Select a cat
Select a cat
When it comes to selecting a cat or kitten, take your time to think about what type of cat you are after, and what type of pet is right for you and your family.
For guidance on buying a feline and being a responsible owner, you can check out our Smart Kitten and Cat Buyer's Guide.
An RSPCA shelter is a fantastic place to start your search. You will find animals available for adoption that are medically and behaviourally sound; most have not been neglected, are perfectly healthy and sociable, and are simply waiting for a new home and a loving family. Please think about your next family member coming from the RSPCA.
The Adopt a pet website makes choosing a cat or a kitten simple. Each cat or kitten has been colour coded using our Find a Friend system to give you an indication of the family type that will suit them best.
While local RSPCA or other animal rescue groups have many wonderful kittens and cats looking for new homes sometimes you might not be able to find the perfect kitty for you, in which case you’ll need to find a good breeder.
A good breeder will make sure all kittens have a full veterinary health check and are microchipped, vaccinated and treated for worms and fleas before they are sold, and will provide you with records of these treatments. They should also provide information about socialisation, and desexing and registration.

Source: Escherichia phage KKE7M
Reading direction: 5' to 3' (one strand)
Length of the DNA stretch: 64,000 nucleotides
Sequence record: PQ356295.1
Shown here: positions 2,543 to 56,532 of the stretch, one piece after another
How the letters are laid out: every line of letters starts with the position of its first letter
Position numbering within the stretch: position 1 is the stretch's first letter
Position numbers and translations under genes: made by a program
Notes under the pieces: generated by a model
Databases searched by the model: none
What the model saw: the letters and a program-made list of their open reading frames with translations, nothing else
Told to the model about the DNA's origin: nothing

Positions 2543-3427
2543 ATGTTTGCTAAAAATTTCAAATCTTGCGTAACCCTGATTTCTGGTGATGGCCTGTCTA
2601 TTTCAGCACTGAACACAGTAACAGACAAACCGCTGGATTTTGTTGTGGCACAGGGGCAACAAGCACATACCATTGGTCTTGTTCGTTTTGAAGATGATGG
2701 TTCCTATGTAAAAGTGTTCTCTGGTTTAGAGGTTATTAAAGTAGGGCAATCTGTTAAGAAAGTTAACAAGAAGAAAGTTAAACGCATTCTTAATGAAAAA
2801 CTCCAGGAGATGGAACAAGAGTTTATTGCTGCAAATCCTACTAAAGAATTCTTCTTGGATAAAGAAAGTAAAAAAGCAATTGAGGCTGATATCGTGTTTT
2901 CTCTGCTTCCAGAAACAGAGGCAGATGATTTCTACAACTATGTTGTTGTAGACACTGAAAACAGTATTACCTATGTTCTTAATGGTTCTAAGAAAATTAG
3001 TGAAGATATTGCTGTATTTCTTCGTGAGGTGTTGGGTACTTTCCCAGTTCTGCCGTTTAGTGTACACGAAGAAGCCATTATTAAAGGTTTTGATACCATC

Stick to these simple steps when looking for a new cat or kitten:
1. Make sure you are familiar with the huge responsibilities involved in owning a kitten.
2. Consider adopting from the RSPCA or another reputable rescue organisation first.
3. Visit the place where your kitten was born and bred and ask questions about its background – how old is the mother? How many litters has she had? Are the facilities clean and odour free? Is there enough room for the cats to move around and exercise? Are there things for the kittens to chew and play with?
1. Buy a kitten over the internet, newspaper advertisement or from a pet shop without first being able to visit the breeding facility to see the conditions for yourself.
2. Buy a kitten without first meeting the breeder and visiting its place of birth.
3. Impulse buy - owning a cat is a huge responsibility and should be the result of careful planning and consideration. Cats can live up to 20 years of age or more.